We suppose that anything that reminds us of Communist genocide--or introduces it for those too young to have experienced it--is valuable, but this WSJ story does seem to trivialize what happened in Cambodia in the 1970s after the Americans abandoned it
Directed by John Pirozzi, “Don’t Think I’ve Forgotten” focuses on the
vital music scene in Phnom Penh, the country’s cosmopolitan capital in
the years following Cambodian independence from France in late 1953
until the Khmer Rouge’s arrival in 1975. The music drew on Western
influences without ever stooping to pure imitation. Sinn Sisamouth,
considered the country’s greatest singer and songwriter, moved away from
crooning with an orchestra at his back to embrace rock instrumentation.
Meanwhile, Baksey Cham Krong was playing guitar-based surf rock, with
Mol Kagnol reflecting the inspiration of Dick Dale, Hank Marvin of the
Shadows, Bob Bogle of the Ventures and others. “I had a nickname,” he
said with a modest smile during a conversation before the show: “The
Hank Marvin of Cambodia.”
That's written by Jim Fusilli, described as, Mr. Fusilli is the Journal’s rock and pop music critic.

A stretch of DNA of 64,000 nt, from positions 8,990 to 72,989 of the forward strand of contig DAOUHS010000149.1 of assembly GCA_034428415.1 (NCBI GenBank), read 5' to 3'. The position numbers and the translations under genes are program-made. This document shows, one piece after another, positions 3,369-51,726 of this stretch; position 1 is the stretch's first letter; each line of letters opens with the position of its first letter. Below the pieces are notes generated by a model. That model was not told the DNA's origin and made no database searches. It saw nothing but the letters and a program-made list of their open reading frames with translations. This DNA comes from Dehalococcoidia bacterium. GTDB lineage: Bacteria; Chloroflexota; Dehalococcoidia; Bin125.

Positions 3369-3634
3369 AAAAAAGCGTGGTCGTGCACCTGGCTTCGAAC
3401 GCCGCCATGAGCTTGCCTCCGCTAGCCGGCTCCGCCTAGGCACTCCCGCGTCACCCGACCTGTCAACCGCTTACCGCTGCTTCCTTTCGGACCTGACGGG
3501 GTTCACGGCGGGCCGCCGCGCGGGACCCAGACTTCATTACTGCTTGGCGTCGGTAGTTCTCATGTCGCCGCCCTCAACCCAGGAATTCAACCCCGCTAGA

It's all rock and roll to me.
By 1965, the U.S. military was in
Vietnam, with troops stationed near the Cambodian border. Musicians in
Phnom Penh, some of whom learned of Western music via records brought in
from Paris, now heard American rock, blues, soul and pop via a branch
of Armed Forces Radio. Superstars emerged: Ros Serey Sothea, who
Cambodia’s ruler, Norodom Sihanouk, called “the golden voice of the
royal capital”; the provocative Pen Ran; and Yol Aularong, a
hard-rocking protest singer, among them.
What's really important? Oh;
All three, along with Sinn Sisamouth, were executed or left to die by
the Khmer Rouge in the Cambodian genocide that, among other atrocities,
sought to eliminate artistic and cultural progressives in an effort to
de-Westernize the nation. It is estimated that some 1.7 million people,
or about 21% of the population, were killed by the followers of the
Communist regime, which fell in 1979.
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